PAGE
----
Big, iconic and wild: Taylor Swift’s ‘Eras Tour’ captivates a record crowd in Seattle

The opening line was appropriate during Taylor Swift’s show Saturday night in Seattle, echoing over a deafening crowd as they waved their flickering purple light bands frantically in the air: It’s been a long time coming.

Taylor Swift performed for a bursting-at-the-seams Lumen Field crowd in Seattle on Saturday night, her first performance in the Emerald City since 2018 and the first of two nights of a record-breaking tour that has crisscrossed the United States.

Picture the production of a Super Bowl halftime show, but in a stadium full of bedazzled fans and colorful outfits, all wearing LED, color-changing bracelets that pulse to the beat of the music. Picture the dramatics of a Broadway musical, but with more glittery costume changes, special effects and cheering. Picture the visuals and storytelling of one of Swift’s iconic music videos, but for more than three hours straight.

Taylor Swift Gives Update After Fans Spot Hand Injury on Eras Tour - E! Online - CA

Maybe then you’ll begin to understand why Swift’s “Eras Tour” is set to become the highest-grossing tour in world history, or why cities have temporarily changed their names, made her mayor or proclaimed official holidays in honor of her presence as she swoops by for one of her tour dates.

Since her last stadium tour “Reputation,” the then-highest-grossing U.S. tour of all time, Swift has released four studio albums, received 14 Grammy nominations and became the most-streamed female artist of all time. Swift had a backlog of albums to include in a tour by the time live music re-emerged after the pandemic, so when she announced that she would be performing not one, but all, of her albums, there was much to live up to.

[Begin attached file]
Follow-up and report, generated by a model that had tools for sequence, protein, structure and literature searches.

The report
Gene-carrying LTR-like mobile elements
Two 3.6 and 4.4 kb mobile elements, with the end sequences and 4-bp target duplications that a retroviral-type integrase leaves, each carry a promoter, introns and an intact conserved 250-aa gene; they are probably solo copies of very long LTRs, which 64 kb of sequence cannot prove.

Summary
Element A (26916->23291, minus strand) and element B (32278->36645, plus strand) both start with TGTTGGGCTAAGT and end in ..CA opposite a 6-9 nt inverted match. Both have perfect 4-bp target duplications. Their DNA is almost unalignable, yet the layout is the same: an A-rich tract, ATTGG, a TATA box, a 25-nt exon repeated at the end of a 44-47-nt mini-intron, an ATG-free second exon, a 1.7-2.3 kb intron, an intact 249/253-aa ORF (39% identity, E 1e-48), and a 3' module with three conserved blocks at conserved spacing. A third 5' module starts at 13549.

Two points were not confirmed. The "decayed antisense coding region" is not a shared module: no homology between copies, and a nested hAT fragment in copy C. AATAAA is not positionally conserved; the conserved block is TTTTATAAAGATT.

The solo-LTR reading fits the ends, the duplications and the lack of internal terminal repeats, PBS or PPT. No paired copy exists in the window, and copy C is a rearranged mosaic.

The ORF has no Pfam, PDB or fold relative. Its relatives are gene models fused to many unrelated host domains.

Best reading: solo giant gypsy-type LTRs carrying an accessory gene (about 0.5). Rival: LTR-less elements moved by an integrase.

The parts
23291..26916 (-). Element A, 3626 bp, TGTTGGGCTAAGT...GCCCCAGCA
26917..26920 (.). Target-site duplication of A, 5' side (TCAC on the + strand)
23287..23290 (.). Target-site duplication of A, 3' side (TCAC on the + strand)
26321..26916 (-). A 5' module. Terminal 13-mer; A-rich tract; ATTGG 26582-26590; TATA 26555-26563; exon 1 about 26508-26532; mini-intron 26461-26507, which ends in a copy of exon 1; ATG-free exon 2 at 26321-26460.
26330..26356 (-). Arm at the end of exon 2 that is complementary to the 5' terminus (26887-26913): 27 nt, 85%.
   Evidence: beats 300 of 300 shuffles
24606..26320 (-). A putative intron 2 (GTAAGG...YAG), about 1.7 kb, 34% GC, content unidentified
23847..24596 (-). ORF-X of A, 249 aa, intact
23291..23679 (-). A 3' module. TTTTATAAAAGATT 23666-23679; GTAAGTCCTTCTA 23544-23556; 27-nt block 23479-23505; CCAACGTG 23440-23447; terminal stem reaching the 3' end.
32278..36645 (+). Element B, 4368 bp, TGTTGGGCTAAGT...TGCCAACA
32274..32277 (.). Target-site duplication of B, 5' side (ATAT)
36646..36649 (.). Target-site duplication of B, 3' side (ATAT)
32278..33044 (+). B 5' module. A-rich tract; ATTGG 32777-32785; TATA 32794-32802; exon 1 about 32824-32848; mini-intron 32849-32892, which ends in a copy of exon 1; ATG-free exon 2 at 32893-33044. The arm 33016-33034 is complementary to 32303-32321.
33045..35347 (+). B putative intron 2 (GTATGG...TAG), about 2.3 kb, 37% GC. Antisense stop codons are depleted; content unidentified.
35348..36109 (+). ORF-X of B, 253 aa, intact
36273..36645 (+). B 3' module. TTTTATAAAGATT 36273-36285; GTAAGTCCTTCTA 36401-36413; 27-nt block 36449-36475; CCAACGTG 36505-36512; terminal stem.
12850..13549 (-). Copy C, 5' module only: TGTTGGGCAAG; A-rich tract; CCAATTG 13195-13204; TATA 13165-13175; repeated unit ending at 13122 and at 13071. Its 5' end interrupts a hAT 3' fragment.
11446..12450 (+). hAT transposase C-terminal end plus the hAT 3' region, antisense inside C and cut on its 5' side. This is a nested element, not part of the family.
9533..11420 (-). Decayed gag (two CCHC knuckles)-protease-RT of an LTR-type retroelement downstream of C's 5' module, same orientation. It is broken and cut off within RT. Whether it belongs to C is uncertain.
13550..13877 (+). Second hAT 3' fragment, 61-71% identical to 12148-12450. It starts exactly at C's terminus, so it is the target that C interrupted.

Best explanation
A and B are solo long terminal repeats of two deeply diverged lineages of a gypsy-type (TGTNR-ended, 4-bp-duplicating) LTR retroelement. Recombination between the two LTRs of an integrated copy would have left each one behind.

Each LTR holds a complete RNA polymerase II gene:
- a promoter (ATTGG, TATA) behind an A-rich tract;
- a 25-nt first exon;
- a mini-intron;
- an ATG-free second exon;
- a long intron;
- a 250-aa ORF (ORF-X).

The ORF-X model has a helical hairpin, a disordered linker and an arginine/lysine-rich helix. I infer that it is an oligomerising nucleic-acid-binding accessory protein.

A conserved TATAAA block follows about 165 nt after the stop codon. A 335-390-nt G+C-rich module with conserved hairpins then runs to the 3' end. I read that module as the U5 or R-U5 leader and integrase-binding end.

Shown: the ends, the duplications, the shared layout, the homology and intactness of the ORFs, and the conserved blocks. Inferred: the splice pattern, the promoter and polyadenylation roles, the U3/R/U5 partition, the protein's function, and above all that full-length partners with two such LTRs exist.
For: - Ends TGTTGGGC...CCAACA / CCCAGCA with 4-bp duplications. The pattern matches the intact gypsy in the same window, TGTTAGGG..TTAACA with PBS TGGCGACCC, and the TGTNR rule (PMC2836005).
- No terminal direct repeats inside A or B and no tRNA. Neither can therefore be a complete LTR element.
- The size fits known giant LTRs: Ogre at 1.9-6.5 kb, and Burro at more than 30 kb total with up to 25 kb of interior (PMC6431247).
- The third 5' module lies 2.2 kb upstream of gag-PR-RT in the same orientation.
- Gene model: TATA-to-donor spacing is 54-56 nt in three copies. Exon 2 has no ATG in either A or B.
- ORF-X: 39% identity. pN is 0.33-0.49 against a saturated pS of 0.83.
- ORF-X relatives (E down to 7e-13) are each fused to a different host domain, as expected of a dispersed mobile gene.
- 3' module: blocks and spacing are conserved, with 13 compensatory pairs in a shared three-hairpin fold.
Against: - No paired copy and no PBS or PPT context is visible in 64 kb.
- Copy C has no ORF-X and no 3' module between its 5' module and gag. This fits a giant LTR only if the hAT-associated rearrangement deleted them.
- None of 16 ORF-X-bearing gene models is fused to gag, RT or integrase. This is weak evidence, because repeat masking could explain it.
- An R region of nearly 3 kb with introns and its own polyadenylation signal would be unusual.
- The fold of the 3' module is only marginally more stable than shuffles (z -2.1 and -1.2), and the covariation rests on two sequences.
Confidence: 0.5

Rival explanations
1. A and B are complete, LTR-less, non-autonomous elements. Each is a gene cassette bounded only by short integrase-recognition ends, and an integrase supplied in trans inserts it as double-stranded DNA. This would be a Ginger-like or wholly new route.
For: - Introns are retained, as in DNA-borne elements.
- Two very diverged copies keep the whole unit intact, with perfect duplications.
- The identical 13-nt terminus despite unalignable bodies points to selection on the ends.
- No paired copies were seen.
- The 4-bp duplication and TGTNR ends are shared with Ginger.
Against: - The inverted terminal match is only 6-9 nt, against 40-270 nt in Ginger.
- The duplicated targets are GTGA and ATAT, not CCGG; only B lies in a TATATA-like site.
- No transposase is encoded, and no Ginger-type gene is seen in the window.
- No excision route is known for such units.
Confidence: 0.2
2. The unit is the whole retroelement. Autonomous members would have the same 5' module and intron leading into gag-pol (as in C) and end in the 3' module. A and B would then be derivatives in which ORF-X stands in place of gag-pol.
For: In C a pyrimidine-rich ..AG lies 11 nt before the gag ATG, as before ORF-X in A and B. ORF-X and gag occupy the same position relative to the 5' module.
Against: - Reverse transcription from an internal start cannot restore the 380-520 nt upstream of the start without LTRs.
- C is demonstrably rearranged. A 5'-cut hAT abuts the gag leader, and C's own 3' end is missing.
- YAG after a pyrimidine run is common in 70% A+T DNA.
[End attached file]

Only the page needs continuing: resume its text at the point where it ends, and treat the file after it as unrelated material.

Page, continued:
And Lumen Field’s Night 1 Seattle show did not disappoint.

The Eras Tour is more than a compilation of Swift’s greatest hits.

It’s a once-in-a-lifetime experience better described as a cultural event than a musical performance. It doesn’t just revisit Swift’s old music, but traverses time to bring her audience back to the very essence of each of her albums.

After two 30-minute opening sets by Gracie Abrams and HAIM, who are global pop stars in their own right, the audience was buzzing with energy as Swifties flitted around the stadium trading bracelets and taking pictures beside the long stage that extended across the floor. f you were wondering why the bead and charms section at Joann’s was sold out this week, now you know.

Just before 8 p.m., a mᴀssive screen behind the stage flickered to life to display a 3-minute countdown, hyping up the crowd with Lady Gaga’s song “Applause.” When the clock finally hit zero, a section of the screen pulled up like a garage door to reveal a line of dancers, emerging from backstage with giant, sunset-color fans that unfurled upwards.

Once they reached center stage, the dancers tilted their fans into the middle in an overlapping pyramid – and finally revealed the woman, the myth, the legend herself, rising into the sky in a jewel-studded Versace bodysuit, belting “Miss Americana and the Heartbreak Prince” from her “Lover” album.

It was almost like something out of the Capitol from the Hunger Games.

Five “Lover” songs later, Swift closed out the energetic, radio-popular summer album with her slower, lesser-known single “The Archer.” And just like that, the first of her eras was over.

There was a line Swift’s set needed to straddle in order to balance her most successful smash hits and her fanbase’s niche favorites. And although her choices did gravitate toward her mainstream successes, it was clear that a lot of thought went into the organization of the show.
Big, iconic and wild: Taylor Swift's 'Eras Tour' captivates a record crowd in Seattle on Saturday night | The Spokesman-Review
With such an extensive, performance-worthy discography, it would have been easy for her set to come off as unwieldy or rushed.

Somehow, it did not.

There wasn’t a heavy emphasis on any particular album, although her first, self-тιтled album didn’t make the cut at all, and her recent release “Speak Now (Taylor’s Version)” only had two songs. And it didn’t seem crammed with material, despite the 44 songs on her set list.